Take a look at this video where Doggy Dan demonstrates how to get this little Bichon Frise to stop barking when its owner leaves the house. Notice that putting on shoes is a signal that someone will be leaving soon. The “going to leave” signal could be getting your pocketbook or putting on a jacket or sweater.
While this video which was an actual consulting call, makes it seem quite easy. But, in order to make this work, you still need to show your dog that you are in charge. To do that, you have to follow the 5 Golden Rules.
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Barking on a Walk
If your dog walks while on a walk, there are a number of possible reasons for the barking. Certainly there are lots of distractions on a walk.
If your dog is aggressive toward other dogs, you might want to see the article on aggressive behavior. However, barking is not always being aggressive. Your dog can simply be excited and over stimulated!
The basic idea is to treat your dog as if there is not danger. You just walk right past the threat without making a fuss or getting excited.
Another way to calm a dog is to gently take hold of the front of your dog’s collar. Stoop and turn your back to the other dog, the person upsetting your dog, or whatever the perceived danger is.
This signals to your dog that there is nothing to be concerned about. You are in charge and you are not worried. You will be surprised how quickly your dog will calm down.
The video below shows you how to get an aggressive dog to spend time near another dog calmly. If you have trouble taking your dog on walks or to the park, watch how this is done!
Barking Because of Boredom or Loneliness
Most dogs don’t like to be left alone. Remember that they are social creatures who like being with their other pack members.
Dogs who are lonely or bored can get into trouble, including barking.
Consider getting a couple of toys that challenge your dog’s mental abilities or a Kong toy stuffed with a couple of treats or peanut butter to entertain your dog.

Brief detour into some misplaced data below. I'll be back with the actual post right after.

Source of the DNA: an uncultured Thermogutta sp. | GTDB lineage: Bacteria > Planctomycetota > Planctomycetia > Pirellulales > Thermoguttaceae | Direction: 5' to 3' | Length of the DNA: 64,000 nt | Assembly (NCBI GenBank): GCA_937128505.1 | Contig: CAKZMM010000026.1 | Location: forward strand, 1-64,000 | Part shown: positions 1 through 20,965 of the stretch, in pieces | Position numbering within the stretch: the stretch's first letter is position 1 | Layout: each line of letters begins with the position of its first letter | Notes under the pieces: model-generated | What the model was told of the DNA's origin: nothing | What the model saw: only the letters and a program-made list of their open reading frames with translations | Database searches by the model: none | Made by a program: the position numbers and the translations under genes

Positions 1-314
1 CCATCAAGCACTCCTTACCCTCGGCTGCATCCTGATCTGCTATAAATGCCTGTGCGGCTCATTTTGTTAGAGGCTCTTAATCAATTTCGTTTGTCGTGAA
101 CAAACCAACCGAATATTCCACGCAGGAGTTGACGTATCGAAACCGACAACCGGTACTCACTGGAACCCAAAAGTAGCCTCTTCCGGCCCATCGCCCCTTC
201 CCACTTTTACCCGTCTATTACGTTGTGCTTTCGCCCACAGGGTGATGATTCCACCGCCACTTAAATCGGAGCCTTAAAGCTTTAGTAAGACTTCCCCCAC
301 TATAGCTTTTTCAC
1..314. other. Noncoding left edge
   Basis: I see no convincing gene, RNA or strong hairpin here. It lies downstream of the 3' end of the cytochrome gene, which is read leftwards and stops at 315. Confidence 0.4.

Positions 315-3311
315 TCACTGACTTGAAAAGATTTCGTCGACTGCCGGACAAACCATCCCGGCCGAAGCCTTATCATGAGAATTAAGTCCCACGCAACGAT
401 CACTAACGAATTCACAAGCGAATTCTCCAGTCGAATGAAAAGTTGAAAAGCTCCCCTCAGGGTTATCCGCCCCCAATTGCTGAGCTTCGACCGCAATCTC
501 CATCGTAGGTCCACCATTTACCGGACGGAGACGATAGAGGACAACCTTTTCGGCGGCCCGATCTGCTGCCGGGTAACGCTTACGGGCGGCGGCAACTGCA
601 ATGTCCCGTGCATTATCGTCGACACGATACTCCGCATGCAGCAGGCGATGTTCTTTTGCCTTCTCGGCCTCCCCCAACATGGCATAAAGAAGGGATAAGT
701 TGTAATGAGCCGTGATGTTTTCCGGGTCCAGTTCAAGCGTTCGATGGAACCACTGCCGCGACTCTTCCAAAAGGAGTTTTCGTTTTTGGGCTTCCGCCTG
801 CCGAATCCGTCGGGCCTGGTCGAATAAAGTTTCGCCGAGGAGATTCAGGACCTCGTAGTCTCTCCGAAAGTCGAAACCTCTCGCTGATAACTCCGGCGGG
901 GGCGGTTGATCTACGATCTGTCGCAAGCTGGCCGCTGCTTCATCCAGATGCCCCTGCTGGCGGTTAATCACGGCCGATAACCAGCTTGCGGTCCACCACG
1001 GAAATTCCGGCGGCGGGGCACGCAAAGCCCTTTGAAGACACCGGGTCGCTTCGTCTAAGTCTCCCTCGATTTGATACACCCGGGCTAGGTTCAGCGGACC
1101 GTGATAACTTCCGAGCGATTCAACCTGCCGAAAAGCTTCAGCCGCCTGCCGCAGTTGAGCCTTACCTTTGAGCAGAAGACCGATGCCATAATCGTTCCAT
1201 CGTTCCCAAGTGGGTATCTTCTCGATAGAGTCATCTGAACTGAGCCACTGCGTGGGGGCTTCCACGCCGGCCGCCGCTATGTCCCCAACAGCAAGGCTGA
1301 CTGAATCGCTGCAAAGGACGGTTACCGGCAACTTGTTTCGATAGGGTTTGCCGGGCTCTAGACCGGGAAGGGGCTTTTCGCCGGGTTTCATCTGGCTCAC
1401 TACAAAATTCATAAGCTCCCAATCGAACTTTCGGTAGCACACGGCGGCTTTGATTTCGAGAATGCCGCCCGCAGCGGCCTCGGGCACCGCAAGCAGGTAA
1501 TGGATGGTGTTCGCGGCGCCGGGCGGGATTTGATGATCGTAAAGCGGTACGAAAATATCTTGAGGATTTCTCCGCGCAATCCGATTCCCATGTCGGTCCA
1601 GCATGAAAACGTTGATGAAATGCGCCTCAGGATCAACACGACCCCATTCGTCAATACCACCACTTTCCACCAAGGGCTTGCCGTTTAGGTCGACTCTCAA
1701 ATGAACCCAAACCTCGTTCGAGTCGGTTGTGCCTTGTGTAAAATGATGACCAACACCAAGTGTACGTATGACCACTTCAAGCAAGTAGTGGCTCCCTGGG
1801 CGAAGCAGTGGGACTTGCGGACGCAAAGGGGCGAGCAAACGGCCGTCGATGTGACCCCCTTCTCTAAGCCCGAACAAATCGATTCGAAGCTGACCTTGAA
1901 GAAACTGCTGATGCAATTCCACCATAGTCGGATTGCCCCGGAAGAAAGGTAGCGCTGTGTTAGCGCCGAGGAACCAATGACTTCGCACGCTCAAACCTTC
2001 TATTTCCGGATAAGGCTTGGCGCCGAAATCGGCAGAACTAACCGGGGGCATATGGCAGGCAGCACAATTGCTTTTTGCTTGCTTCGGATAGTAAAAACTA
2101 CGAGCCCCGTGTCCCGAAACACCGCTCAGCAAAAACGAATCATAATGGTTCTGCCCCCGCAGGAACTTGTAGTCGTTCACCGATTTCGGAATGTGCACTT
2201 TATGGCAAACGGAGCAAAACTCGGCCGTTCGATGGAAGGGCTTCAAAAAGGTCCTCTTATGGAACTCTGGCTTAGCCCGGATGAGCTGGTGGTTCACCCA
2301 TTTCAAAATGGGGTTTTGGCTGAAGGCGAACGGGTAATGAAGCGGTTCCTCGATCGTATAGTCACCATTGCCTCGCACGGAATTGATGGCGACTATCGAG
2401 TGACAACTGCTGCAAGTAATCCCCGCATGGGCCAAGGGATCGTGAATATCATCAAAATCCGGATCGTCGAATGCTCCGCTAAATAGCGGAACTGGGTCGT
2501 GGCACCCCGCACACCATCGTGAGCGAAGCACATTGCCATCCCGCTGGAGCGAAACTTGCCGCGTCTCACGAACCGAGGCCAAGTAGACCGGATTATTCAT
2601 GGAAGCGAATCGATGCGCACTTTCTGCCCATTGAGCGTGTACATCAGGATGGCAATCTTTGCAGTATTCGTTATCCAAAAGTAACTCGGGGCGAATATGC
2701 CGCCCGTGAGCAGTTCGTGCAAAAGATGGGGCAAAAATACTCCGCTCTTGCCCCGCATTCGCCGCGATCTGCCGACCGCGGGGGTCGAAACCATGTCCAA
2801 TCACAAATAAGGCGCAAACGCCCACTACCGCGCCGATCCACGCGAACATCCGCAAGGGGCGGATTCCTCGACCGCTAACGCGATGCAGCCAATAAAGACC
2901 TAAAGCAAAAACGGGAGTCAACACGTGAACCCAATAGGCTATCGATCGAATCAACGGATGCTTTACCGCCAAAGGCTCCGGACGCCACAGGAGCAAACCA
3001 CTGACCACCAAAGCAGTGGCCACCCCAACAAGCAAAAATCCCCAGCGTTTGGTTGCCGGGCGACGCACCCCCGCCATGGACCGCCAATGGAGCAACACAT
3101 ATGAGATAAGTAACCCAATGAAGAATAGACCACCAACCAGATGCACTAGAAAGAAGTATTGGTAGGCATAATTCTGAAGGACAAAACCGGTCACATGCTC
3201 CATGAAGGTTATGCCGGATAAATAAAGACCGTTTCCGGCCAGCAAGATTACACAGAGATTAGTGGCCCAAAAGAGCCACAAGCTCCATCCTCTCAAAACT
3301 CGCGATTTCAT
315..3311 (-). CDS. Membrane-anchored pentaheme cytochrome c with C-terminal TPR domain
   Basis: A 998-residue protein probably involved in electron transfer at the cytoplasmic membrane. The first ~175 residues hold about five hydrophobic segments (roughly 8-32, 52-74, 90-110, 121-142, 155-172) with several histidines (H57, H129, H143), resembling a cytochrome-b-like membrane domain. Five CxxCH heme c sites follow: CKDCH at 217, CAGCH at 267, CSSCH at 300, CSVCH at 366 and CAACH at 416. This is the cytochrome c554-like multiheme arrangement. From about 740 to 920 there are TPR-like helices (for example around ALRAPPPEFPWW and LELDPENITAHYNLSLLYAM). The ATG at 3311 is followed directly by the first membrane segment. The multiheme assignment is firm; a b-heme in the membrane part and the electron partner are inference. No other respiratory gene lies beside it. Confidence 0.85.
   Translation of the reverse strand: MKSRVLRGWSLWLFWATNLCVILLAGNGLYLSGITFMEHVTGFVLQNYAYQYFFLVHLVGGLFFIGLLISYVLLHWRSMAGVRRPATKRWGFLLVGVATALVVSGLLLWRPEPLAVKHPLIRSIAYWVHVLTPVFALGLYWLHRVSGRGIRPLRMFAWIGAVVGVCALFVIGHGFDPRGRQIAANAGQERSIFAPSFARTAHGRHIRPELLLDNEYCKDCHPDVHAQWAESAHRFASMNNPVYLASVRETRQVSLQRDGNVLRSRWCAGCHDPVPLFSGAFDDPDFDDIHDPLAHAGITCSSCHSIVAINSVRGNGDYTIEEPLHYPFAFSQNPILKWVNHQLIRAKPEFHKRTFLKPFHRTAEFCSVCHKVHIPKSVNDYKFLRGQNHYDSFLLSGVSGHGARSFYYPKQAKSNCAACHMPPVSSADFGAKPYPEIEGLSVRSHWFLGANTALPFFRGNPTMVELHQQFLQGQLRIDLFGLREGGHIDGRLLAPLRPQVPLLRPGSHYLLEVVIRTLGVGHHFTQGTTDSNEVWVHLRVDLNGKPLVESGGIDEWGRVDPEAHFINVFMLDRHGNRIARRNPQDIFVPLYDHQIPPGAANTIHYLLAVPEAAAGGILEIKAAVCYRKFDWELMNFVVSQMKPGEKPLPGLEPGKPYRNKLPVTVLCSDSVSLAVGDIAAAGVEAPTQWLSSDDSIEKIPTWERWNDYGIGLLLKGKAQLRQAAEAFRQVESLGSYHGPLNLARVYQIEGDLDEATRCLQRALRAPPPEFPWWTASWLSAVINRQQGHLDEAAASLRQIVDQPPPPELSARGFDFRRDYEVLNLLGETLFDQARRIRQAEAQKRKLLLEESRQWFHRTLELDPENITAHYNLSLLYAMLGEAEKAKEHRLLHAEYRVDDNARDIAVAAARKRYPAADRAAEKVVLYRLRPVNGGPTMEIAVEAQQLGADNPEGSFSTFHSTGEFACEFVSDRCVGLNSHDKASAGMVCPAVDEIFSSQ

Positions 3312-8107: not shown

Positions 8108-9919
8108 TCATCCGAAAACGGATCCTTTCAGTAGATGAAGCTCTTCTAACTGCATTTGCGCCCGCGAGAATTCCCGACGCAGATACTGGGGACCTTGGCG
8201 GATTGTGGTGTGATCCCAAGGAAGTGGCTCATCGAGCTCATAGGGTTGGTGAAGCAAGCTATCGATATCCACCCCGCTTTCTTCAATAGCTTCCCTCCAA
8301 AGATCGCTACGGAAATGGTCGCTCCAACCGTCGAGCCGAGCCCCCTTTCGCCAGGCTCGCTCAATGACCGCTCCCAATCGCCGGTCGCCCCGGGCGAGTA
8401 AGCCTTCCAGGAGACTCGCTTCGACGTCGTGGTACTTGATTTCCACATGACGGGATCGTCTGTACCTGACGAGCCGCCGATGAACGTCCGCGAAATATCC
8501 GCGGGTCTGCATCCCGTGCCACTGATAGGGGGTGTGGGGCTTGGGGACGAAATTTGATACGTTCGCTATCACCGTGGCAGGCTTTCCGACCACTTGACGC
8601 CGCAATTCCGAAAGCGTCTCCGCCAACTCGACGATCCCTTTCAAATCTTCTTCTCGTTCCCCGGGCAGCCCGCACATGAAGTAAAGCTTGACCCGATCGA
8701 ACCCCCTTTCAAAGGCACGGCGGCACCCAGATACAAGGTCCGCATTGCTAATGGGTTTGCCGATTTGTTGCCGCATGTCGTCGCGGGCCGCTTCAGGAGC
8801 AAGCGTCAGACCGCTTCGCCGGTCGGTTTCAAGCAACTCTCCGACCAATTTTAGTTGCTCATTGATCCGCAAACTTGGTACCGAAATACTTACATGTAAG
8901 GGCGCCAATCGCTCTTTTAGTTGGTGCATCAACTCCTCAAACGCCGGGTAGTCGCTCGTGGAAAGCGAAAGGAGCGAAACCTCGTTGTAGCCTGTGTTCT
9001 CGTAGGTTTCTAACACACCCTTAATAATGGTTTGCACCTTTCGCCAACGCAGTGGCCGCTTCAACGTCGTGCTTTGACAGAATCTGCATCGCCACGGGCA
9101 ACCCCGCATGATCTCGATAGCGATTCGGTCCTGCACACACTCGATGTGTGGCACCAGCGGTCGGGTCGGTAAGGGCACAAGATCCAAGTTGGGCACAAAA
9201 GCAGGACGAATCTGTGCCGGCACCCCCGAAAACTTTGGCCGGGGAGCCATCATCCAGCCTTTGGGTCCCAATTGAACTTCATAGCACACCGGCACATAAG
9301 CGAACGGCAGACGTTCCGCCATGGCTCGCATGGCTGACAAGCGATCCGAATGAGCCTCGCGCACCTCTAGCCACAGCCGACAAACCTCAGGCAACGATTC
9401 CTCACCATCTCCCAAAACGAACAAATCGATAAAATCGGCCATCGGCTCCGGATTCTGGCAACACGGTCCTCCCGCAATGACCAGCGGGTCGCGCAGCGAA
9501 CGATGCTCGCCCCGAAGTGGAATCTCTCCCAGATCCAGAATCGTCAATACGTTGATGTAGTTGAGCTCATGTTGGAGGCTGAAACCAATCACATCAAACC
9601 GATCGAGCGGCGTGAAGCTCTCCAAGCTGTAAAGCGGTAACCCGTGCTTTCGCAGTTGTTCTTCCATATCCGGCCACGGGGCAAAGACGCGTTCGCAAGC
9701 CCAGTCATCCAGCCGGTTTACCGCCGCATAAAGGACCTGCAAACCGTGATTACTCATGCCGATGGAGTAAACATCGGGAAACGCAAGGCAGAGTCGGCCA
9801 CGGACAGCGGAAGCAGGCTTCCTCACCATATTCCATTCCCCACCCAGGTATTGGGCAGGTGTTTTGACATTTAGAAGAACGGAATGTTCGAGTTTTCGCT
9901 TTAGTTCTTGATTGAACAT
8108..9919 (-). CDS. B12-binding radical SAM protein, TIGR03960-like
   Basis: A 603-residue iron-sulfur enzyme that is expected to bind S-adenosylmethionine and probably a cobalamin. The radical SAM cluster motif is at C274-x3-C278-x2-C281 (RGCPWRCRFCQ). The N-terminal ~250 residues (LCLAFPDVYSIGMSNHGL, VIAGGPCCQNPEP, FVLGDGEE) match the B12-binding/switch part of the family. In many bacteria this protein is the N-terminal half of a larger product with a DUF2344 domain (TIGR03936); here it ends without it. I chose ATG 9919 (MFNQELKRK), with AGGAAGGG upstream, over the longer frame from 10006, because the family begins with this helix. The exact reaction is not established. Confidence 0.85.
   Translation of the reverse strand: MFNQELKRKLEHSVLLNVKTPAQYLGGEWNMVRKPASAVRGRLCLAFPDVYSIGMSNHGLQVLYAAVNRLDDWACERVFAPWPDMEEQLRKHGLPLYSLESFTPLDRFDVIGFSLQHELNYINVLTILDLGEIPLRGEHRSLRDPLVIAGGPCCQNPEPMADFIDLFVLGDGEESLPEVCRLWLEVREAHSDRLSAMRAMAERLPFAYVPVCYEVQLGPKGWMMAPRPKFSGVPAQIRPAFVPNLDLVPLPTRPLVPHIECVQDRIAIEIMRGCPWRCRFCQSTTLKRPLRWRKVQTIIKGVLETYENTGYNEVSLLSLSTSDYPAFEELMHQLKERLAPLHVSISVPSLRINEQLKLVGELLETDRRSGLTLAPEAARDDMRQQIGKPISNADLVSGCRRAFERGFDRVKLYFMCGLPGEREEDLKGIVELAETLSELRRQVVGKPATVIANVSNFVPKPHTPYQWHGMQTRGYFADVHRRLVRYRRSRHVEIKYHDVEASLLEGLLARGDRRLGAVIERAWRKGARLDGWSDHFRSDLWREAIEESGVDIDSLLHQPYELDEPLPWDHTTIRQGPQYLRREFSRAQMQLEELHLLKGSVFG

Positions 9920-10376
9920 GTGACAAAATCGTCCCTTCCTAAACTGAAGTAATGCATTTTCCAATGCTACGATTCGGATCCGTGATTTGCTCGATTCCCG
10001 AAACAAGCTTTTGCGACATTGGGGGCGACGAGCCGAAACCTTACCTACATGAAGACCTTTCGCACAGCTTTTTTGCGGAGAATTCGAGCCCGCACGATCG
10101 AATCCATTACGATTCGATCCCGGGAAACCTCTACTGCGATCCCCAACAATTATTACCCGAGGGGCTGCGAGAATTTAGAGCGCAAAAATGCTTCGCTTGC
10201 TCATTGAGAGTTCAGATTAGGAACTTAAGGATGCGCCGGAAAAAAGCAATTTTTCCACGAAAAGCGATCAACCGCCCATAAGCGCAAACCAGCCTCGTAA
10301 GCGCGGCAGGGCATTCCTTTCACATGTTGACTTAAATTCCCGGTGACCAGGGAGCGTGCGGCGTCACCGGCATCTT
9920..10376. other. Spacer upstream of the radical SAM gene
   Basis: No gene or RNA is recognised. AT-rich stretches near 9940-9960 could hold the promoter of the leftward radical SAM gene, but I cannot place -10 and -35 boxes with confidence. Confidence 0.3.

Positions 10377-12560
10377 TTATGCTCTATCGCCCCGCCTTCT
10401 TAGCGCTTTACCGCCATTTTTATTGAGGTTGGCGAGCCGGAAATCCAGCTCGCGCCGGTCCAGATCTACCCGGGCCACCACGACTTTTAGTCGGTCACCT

Just like children and sometimes adults, dogs get excited when they play. As long as they don’t become a nuisance or a danger because of rough housing, this is fun and OK.
When your dog barks during play, she is expressing happiness. And she is talking to you or the other dogs.
You’ll see your dog do this when she is chasing balls in the yard, swimming for an object that was thrown into the water or running and playing with another dog.
Barking for Attention
Barking for attention is common and it is very easy for a dog owner to reinforce this behavior and make it worse.
If you do any of these things when you dog barks, you are causing a problem:
- Give your dog a treat when she is barking – You think that a distraction will stop the barking. But, you just gave your dog another reason to bark. Here’s how your dog sees it. She just got a treat because she did something that you liked—bark!
- Speak to your dog – She is speaking to you when barking and when you respond, she thinks you are answering her. And you are! She just got you to speak to her, and she will do it again.
- Touch your dog – When you touch a barking dog, you are giving positive reinforcement. Your dog likes to be touched and so will bark again to get patted.
- Give your dog what she wants – If you just give in and give your dog what she wants, you can be sure that your dog will bark again to get what she wants.
I think you get the idea. The point is that you, as the head of the household (pack) are in charge and you make the decisions. Your dog should not be telling you what to do and when to do it!
When your dog makes demands, the best thing to do is ignore him. It may take him a little while to get the message, but he will get the idea.
Make sure you do reinforce positive behavior so your dog learns what you expect and how to get what she wants by appropriate behavior instead of barking.
Do Bark Control Devices Work?
People do use different approaches when working with their dogs. There are some devices on the market that many people like.
- Smartlance Ultrasonic Anti-barking Device – This device is shaped like a little house. You can place it inside or outside and it will work for a radius of 50 feet. When your dog starts barking, it emits a sound that your dog can hear, but you can’t hear it. It works for barking in the yard and for people at the door, two very common barking problems.
- Barklo Anti-Vibrating Bark Collar – The collar has 7 sensitivity levels, so you can use it on puppies or small dogs. The collar does give off a stronger vibration as you increase the level, but it does not shock your dog.
- Citronella Anti-barking Collar – When your dog barks, the collar sprays some citronella into the air. Dogs don’t like it. If you prefer, you can also get an odorless spray for the collar.